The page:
so desirable as to find out the mystery of this big and heavy object
with its thousand thin divisions. See! it stares me in the face as
if it were about to speak!"

Eve, by a feminine instinct, is dipping into a volume of fashionable
poetry, the production certainly the most fortunate of earthly
bards, since his lay continues in vogue when all the great masters
of the lyre have passed into oblivion. But let not, his ghost be
too exultant! The world's one lady tosses the book upon the floor
and laughs merrily at her husband's abstracted mien.

"My dear Adam," cries she, "you look pensive and dismal. Do fling
down that stupid thing; for even if it should speak it would not be
worth attending to. Let us talk with one another, and with the sky,
and the green earth, and its trees and flowers. They will teach us
better knowledge than we can find here."

"Well, Eve, perhaps you are right," replies Adam, with a sort of
sigh. "Still I cannot help thinking that the interpretation of the
riddles amid which we have been wandering all day long might here be
discovered."

"It may be better not to seek the interpretation," persists Eve.
"For my part, the air of this place does not suit me. If you love
me, come away!"

She prevails, and rescues him from the mysterious perils of the
library. Happy influence of woman! Had he lingered there long
enough to obtain a clew to its treasures,--as was not impossible,
his intellect being of human structure, indeed, but with an
untransmitted vigor and acuteness,--had he then and there become a
student, the annalist of our poor world would soon have recorded the
downfall of a second Adam. The fatal apple of another Tree of
knowledge would have been eaten. All the perversions, and
sophistries, and false wisdom so aptly mimicking the true,--all the
narrow truth, so partial that it becomes more deceptive than
falsehood,--all the wrong principles and worse practice, the
pernicious examples and mistaken rules of life,--all the specious
theories which turn earth into cloudland and men into shadows,--all
the sad experience which it took mankind so many ages to accumulate,
and from which they never drew a moral for their future guidance,
the whole heap of this disastrous lore would have tumbled at once
upon Adam's head. There would have been nothing left for him but to
take up the already abortive experiment of life where he had dropped
it, and toil onward with it a little farther.

But, blessed in his ignorance, he may still enjoy a new world in our
worn-out one. Should he fall short of good, even as far as we did,
he has at least the freedom--no worthless one--to make errors for
himself. And his literature, when the progress of centuries shall
create it, will be no interminably repeated echo of our own poetry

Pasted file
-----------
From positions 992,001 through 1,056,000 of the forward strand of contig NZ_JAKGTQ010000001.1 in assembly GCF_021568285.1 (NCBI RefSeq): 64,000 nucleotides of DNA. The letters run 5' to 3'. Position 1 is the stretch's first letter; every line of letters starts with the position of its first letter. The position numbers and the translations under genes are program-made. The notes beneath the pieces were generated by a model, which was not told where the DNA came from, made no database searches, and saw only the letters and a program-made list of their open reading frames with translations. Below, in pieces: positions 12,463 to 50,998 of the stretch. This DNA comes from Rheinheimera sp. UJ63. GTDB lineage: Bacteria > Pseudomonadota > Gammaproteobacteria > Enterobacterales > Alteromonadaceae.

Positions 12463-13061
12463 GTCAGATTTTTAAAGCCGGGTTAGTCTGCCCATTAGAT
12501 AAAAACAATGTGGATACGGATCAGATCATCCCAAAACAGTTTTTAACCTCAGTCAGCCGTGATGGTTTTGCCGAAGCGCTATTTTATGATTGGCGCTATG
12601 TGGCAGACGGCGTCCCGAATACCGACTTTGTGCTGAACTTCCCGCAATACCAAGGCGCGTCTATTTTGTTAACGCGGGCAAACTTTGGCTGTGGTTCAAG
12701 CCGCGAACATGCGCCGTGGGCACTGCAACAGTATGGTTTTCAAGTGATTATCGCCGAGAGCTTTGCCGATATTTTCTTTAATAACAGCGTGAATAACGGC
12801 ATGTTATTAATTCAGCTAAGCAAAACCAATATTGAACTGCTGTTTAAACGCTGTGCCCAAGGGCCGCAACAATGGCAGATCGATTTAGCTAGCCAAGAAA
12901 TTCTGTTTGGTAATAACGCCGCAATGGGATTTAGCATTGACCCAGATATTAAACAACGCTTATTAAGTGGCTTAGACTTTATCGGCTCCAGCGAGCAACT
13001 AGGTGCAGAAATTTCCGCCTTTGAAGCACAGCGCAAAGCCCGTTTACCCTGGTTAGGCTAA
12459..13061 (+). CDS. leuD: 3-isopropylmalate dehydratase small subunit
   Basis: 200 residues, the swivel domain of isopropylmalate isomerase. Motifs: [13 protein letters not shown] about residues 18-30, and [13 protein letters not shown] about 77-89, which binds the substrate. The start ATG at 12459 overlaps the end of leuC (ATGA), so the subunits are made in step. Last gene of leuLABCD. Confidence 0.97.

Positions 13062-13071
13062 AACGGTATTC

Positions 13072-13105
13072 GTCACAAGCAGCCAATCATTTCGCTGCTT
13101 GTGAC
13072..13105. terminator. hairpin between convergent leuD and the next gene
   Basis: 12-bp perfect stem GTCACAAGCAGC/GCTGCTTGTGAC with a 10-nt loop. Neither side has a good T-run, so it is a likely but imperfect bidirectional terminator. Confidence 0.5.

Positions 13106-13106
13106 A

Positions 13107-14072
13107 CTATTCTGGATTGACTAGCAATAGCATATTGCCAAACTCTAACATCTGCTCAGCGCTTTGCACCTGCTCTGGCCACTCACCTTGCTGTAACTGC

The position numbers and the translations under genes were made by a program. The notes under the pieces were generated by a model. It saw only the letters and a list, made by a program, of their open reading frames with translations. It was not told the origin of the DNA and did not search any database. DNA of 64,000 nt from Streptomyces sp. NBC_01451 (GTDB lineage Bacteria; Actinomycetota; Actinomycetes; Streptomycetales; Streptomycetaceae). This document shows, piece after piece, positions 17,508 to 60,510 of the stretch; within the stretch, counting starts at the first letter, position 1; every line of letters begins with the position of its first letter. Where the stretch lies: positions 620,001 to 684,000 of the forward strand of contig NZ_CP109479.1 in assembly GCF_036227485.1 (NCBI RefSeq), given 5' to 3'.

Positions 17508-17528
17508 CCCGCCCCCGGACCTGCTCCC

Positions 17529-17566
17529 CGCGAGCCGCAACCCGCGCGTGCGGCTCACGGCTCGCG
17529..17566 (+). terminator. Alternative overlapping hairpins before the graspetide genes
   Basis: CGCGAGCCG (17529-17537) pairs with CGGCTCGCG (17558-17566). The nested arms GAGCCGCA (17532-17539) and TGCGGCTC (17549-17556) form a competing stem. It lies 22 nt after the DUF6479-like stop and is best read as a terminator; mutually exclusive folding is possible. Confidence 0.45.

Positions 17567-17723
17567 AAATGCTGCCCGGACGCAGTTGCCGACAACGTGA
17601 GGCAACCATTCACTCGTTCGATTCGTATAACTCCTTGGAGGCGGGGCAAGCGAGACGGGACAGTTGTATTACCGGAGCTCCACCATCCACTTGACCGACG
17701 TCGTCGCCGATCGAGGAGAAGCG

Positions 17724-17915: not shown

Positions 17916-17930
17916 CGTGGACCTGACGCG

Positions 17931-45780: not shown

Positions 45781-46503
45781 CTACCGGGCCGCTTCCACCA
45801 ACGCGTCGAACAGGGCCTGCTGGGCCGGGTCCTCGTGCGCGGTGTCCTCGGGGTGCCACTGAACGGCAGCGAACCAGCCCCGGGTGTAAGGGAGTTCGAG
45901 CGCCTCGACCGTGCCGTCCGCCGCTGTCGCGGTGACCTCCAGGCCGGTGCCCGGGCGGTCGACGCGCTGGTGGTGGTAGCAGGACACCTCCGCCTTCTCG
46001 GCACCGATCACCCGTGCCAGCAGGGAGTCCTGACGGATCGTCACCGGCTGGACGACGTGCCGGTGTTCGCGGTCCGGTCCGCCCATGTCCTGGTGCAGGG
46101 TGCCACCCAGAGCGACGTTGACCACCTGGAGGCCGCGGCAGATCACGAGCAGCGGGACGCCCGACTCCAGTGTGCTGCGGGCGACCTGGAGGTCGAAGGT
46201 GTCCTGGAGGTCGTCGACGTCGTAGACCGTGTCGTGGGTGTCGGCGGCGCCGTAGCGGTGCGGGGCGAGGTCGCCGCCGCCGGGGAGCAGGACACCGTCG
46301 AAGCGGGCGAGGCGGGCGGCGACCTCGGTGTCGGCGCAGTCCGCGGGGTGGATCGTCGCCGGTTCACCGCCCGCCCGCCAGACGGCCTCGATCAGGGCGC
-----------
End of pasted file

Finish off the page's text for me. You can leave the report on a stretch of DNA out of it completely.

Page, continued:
and reproduction of the images that were moulded by our great
fathers of song and fiction, but a melody never yet heard on earth,
and intellectual forms unbreathed upon by our conceptions.
Therefore let the dust of ages gather upon the volumes of the
library, and in due season the roof of the edifice crumble down upon
the whole. When the second Adam's descendants shall have collected
as much rubbish of their own, it will be time enough to dig into our
ruins and compare the literary advancement of two independent races.

But we are looking forward too far. It seems to be the vice of
those who have a long past behind them. We will return to the new
Adam and Eve, who, having no reminiscences save dim and fleeting
visions of a pre-existence, are content to live and be happy in the
present.

The day is near its close when these pilgrims, who derive their
being from no dead progenitors, reach the cemetery of Mount Auburn.
With light hearts--for earth and sky now gladden each other with
beauty--they tread along the winding paths, among marble pillars,
mimic temples, urns, obelisks, and sarcophagi, sometimes pausing to
contemplate these fantasies of human growth, and sometimes to admire
the flowers wherewith nature converts decay to loveliness. Can
Death, in the midst of his old triumphs, make them sensible that
they have taken up the heavy burden of mortality which a whole
species had thrown down? Dust kindred to their own has never lain
in the grave. Will they then recognize, and so soon, that Time and
the elements have an indefeasible claim upon their bodies? Not
improbably they may. There must have been shadows enough, even amid
the primal sunshine of their existence, to suggest the thought of
the soul's incongruity with its circumstances. They have already
learned that something is to be thrown aside. The idea of Death is
in them, or not far off. But, were they to choose a symbol for him,
it would be the butterfly soaring upward, or the bright angel
beckoning them aloft, or the child asleep, with soft dreams visible
through her transparent purity.

Such a Child, in whitest marble, they have found among the monuments
of Mount Auburn.

"Sweetest Eve," observes Adam, while hand in hand they contemplate
this beautiful object, "yonder sun has left us, and the whole world
is fading from our sight. Let us sleep as this lovely little figure
is sleeping. Our Father only knows whether what outward things we
have possessed to-day are to be snatched from us forever. But
should our earthly life be leaving us with the departing light, we
need not doubt that another morn will find us somewhere beneath the
smile of God. I feel that he has imparted the boon of existence
never to be resumed."

"And no matter where we exist," replies Eve, "for we shall always be
together."


THE END.

Nathaniel Hawthorne


Non-Fiction
Short Stories
Poetry